Parnell: For a managing partner whose firm is, perhaps, in a tough state, what are the top two or three things that they should know, or that they should be looking at?
Browne: I think the first thing that is easy to say and incredibly hard to do is to make sure that you have a realistic view of your firm, the legal marketplace, your strategy, and whether they all work together. Then, if you’ve done that, make sure that your partners understand it, and that your partners and your structure and your systems are all aligned to execute on it. Because executing on any strategy is hard enough.
When it comes to dealing with partners in a law firm, I certainly think that communication is critical. And communicating in an honest, open, transparent way is critical. If you dance around people, if somebody’s a problem and you don’t tell them and you let them continue to cause problems for others, if you’re having challenges and you just gloss over them, I don’t think it works because it’s hard to build trust that way.
If you don’t trust your partners with information, it’s hard to build a relationship where they’re going to send trust back to you. You want to build that trust and then you want to communicate so they know what’s going on and can validate it, because no leader makes perfect decisions, and no leader deserves credit for all the good things that happen, or deserves full responsibility for all the things that don’t go so well. And you want people to understand what’s going on.
On Future-Proofing A Firm
Parnell: To the extent that a firm can be “future proof,” what are some attributes that you think are necessary for a firm to comfortably move into the next 10-15 years in such a rapidly evolving marketplace?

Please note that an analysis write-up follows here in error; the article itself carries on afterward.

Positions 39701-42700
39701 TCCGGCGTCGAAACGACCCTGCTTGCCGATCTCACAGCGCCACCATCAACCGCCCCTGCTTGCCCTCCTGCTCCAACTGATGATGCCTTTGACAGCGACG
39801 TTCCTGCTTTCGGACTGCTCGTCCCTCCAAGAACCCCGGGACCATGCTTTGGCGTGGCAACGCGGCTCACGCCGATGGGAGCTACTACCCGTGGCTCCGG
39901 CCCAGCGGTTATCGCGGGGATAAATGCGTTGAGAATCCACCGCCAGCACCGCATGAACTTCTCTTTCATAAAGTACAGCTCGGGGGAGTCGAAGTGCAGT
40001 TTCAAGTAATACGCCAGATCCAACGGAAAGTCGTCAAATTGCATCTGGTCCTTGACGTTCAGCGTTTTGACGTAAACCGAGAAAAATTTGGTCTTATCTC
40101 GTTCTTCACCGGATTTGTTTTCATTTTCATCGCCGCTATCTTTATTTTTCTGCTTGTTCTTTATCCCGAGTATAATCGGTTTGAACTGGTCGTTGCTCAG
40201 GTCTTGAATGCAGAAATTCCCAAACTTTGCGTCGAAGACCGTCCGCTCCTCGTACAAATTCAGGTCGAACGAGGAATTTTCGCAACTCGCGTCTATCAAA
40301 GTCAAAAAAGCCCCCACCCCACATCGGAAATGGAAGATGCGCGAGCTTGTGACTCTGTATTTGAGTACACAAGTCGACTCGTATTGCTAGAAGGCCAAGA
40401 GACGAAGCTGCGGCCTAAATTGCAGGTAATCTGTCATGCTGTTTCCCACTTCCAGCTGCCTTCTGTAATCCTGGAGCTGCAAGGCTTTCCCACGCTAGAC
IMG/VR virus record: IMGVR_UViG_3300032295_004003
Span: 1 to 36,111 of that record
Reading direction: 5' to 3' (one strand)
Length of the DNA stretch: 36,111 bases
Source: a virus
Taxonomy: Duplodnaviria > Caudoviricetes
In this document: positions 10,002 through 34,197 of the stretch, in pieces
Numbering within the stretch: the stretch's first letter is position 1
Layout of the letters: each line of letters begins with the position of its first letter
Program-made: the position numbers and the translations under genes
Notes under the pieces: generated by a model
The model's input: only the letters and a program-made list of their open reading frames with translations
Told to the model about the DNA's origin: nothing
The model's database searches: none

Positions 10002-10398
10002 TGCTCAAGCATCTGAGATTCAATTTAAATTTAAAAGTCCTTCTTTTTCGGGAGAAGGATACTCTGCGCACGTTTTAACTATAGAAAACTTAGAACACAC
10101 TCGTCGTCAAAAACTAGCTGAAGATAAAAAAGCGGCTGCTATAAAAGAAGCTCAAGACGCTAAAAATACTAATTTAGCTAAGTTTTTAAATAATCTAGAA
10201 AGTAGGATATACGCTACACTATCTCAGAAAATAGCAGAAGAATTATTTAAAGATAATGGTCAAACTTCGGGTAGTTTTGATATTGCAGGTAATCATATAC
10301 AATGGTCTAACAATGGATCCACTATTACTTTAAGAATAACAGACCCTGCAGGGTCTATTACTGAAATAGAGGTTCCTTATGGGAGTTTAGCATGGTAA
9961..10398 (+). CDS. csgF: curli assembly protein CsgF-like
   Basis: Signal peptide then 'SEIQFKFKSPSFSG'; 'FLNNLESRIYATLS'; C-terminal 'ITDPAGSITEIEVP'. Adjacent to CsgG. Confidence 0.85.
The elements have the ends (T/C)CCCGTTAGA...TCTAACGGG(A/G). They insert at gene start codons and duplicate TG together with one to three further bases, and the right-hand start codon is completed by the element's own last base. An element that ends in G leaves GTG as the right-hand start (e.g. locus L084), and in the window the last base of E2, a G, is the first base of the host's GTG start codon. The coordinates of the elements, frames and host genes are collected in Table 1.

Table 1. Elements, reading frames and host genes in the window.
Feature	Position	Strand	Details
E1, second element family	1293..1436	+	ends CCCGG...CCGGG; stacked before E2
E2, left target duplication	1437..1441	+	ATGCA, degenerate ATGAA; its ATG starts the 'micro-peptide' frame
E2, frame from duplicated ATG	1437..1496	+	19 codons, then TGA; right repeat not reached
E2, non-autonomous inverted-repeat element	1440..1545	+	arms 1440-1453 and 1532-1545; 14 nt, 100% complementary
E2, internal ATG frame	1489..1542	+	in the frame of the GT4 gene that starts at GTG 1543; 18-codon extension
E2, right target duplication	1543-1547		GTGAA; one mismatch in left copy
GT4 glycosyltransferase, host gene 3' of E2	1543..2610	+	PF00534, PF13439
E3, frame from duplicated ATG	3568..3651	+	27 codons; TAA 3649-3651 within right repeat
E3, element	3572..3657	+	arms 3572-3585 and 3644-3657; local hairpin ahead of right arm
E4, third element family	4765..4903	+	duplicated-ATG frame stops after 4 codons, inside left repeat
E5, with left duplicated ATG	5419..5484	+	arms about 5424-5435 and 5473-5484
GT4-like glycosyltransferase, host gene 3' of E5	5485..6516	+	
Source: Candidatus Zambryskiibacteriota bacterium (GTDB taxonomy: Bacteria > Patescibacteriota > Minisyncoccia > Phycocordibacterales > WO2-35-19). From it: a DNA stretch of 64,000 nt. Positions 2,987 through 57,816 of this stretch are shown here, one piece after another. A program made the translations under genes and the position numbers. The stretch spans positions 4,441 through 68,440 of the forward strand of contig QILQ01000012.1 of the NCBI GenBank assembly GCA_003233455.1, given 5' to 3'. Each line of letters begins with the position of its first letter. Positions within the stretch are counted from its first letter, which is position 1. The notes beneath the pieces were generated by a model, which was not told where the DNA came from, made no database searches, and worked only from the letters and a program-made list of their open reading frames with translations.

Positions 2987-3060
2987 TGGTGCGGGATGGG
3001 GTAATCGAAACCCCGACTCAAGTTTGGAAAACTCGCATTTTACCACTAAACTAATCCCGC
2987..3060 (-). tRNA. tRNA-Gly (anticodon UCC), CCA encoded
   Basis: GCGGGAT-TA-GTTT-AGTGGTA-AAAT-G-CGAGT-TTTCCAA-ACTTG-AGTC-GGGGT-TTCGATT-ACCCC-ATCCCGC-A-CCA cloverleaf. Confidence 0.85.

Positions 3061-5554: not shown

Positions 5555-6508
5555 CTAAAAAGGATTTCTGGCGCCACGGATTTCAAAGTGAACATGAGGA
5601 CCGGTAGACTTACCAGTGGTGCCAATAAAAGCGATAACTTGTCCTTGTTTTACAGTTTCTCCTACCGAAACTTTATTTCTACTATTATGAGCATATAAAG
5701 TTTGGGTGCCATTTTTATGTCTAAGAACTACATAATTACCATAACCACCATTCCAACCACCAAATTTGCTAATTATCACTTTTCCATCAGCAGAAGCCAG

Browne: I think it starts with the leadership team. You need strong visionary leadership. You need nimble leadership. You need leadership that can lead, but can also be willing to listen and have an ear to the ground, both in terms of the clients and the lawyers. If you have good, nimble leadership, they will make decisions, and they will reverse decisions. That’s really what you need because every single day, every single week, every single month, the environment changes; the context changes. You need to be willing to second guess what you did. And you need to be willing to change. That is incredibly important.
Conservative fiscal management is also important. Hopefully, the days of partner leverage beyond partner capital are becoming a thing of the past.
And you need to make hard business decisions. Law firms traditionally have been very conservative. There are corporations that, when they get into challenging times, one of the first things they do is reduce their workforce, and their stockholders applaud them for it. Within law firms, however, it’s seen as a sign of failure or weakness. No one wants to ever say that they let a single person go, or that they cut an expense budget by 10% to really try to focus people on spending wisely. I think those kinds of things—the economic integrity, the control, and making sure that you are running a profitable business—are going to be the norm going forward.
Then, I think it goes back to the clients. You have to focus on the fact that, without your clients, you are not a business. You need to be growing your business with your clients. You need to know what their needs are. You need to understand their business. You need to be ahead of them, and in front of them, and thinking about their challenges. You need to ask them how you’re doing. You need to listen when they tell you that you’re not doing so well, and to learn from that.
Also, you have to attract the best talent so that you have the people who can provide the stellar service and the talent that the client needs. They don’t need or deserve second rate advice. It’s very much a service business. You have to be incredibly responsive and give immediate attention and immediate response.
So, I think if you structure your entire organization around the concept of providing superior client service—from billing to attorney training for your client, focus on everything being about the client—and then you have good leadership, a disciplined and well-run organization where everyone is aligned and understands the mission, understands the values, understands what is expected and everyone’s going in the same direction, that’s what you want. It sounds easy. It sounds like business school-speak. But it’s true. It’s not more complicated than that. But it’s very hard to execute on it.